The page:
THE BLOG
27/12/2017 08:06 GMT | Updated 27/12/2017 08:06 GMT

Micro Plastics Are Making Their Way Into Our Drinking Water – We Must Pull Out All The Stops

New regulations tackling microbeads got cross-party backing from MPs last week. Whilst this was a step in the right direction, it was also a missed opportunity for the Government to have been much bolder on tackling plastics in our waters, which is one of the greatest challenges of our times.

Microbeads are tiny pieces of plastic, usually smaller than 5mm, which can be found in everyday cosmetic products including shower gels, toothpaste and face scrubs. They are often intended to have an exfoliating effect.  Up to 219,000 tonnes of this type of ‘micro–plastics’ enter the European marine environment every year and the impact isn’t just seen in the degradation of marine environments.

Recent research found that that a shocking 83% of samples of drinking water collected across the world were found to be polluted by tiny plastic particles.

The US had the highest contamination rate at 94%, whilst European nations including the UK, Germany and France had the lowest contamination rate, although plastic fibres were still detected in 72% of the samples tested.

Their small size means that they can be easily ingested by marine life. Plastics have been found in fish and sea creatures living as far as 7 miles beneath the surface of the sea.

Environmentalists and consumers alike are quite rightly concerned that these plastics are entering the food chain and disrupting fragile ecosystems, so it is vital that we take any and all measures to stop it.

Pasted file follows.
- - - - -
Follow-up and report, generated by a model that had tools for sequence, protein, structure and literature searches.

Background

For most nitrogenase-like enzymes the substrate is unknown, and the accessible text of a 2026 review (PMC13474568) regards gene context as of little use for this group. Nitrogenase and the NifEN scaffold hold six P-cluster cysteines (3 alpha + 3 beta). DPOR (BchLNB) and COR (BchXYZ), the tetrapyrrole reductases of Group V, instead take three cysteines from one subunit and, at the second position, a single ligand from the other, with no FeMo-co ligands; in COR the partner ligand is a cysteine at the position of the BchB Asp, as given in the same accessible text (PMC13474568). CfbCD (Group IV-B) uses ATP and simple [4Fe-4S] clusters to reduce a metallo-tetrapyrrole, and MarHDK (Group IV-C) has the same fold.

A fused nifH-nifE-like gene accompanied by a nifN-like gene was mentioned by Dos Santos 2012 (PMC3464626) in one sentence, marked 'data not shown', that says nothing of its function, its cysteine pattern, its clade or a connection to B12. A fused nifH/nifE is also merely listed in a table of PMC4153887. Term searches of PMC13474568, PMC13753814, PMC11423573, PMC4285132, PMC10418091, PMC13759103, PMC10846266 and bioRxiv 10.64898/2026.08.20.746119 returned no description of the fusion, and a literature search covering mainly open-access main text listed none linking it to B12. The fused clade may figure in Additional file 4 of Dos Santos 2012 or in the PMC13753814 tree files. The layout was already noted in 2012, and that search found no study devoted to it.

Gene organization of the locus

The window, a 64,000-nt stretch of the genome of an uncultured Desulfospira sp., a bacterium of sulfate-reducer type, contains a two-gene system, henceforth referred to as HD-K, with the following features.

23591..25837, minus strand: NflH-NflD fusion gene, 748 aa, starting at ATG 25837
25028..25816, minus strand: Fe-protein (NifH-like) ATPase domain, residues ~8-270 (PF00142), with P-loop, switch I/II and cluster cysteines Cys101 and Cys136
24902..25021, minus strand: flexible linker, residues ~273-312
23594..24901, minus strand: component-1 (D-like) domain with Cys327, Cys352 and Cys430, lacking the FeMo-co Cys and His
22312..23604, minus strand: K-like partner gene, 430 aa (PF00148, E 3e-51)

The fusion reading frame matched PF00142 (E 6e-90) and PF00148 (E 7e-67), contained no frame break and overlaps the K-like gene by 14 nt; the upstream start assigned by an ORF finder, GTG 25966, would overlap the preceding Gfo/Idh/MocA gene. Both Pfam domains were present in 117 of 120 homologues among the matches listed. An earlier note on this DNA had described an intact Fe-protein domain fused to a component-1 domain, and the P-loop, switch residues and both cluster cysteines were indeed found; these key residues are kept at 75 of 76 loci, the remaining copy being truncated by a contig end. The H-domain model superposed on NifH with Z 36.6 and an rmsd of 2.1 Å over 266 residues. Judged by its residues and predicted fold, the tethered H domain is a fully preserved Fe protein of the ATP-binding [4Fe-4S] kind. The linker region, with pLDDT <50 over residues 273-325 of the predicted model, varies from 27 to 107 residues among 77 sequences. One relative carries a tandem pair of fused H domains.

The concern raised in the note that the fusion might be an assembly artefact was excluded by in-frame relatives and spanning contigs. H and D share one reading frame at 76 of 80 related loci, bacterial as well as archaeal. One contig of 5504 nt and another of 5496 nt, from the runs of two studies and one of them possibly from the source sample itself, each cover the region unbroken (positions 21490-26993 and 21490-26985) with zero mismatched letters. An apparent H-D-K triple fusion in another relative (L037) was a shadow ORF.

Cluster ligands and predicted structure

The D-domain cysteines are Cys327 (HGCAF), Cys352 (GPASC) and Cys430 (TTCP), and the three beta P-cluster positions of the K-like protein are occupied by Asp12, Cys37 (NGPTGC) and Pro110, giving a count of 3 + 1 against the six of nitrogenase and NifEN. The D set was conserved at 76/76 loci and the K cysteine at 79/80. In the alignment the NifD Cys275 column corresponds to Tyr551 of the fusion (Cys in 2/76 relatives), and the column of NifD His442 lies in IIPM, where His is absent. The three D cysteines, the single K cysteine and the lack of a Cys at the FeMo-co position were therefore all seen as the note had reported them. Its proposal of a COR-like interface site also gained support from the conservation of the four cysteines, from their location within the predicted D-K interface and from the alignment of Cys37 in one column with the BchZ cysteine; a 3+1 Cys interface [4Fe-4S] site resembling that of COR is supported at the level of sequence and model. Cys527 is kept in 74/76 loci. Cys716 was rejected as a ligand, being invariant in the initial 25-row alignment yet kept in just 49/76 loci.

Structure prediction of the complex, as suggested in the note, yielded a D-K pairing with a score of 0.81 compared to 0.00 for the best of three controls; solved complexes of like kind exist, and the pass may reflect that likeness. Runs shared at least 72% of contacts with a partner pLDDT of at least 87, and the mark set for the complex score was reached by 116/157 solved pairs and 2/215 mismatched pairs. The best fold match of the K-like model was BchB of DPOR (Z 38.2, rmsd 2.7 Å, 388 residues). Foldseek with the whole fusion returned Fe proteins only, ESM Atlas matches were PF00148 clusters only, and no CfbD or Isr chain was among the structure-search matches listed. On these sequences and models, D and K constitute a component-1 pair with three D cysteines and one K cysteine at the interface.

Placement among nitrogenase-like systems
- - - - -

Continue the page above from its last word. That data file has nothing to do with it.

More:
Last year the Environmental Audit Committee chaired by the tenacious Mary Creagh MP, pushed microbeads up the political agenda with its ground-breaking report, prompting the process which led to the new regulations agreed by MPs this week.

However the measures announced by Ministers are incredibly narrow. The regulations stipulate a ban on the use of microbeads only in “rinse off cosmetics and personal care products”.

My greatest reservation is that the Government has missed the opportunity to cover a variety of other products which use micro plastics, including cleaning products and ‘leave-on cosmetics’ including sun creams which would also ultimately be washed down the drain.

I am pleased that 72% of major cosmetics companies are expected to have ceased selling cosmetic products containing microbeads by the end of 2017 regardless of this legislation. However it concerns me that despite the public support for tackling microbeads, 28% of those companies have dug-in. They are failing to make the necessary changes and are instead waiting for new regulations to force them to take action.  

David Attenborough’s Blue Planet 2 means that, probably for the first time, people are discussing plastics in our waters in their front rooms; the public support for action has never been greater. With that in mind, it is not good enough that the Government has settled for patting itself on the back with these new regulations, claiming that they are the first of their kind.

At this crucial moment of maximum political and public desire for action, they should have delivered a comprehensive ban that will make the maximum difference, keeping plastics out of our seas, our food chain, and our drinking water.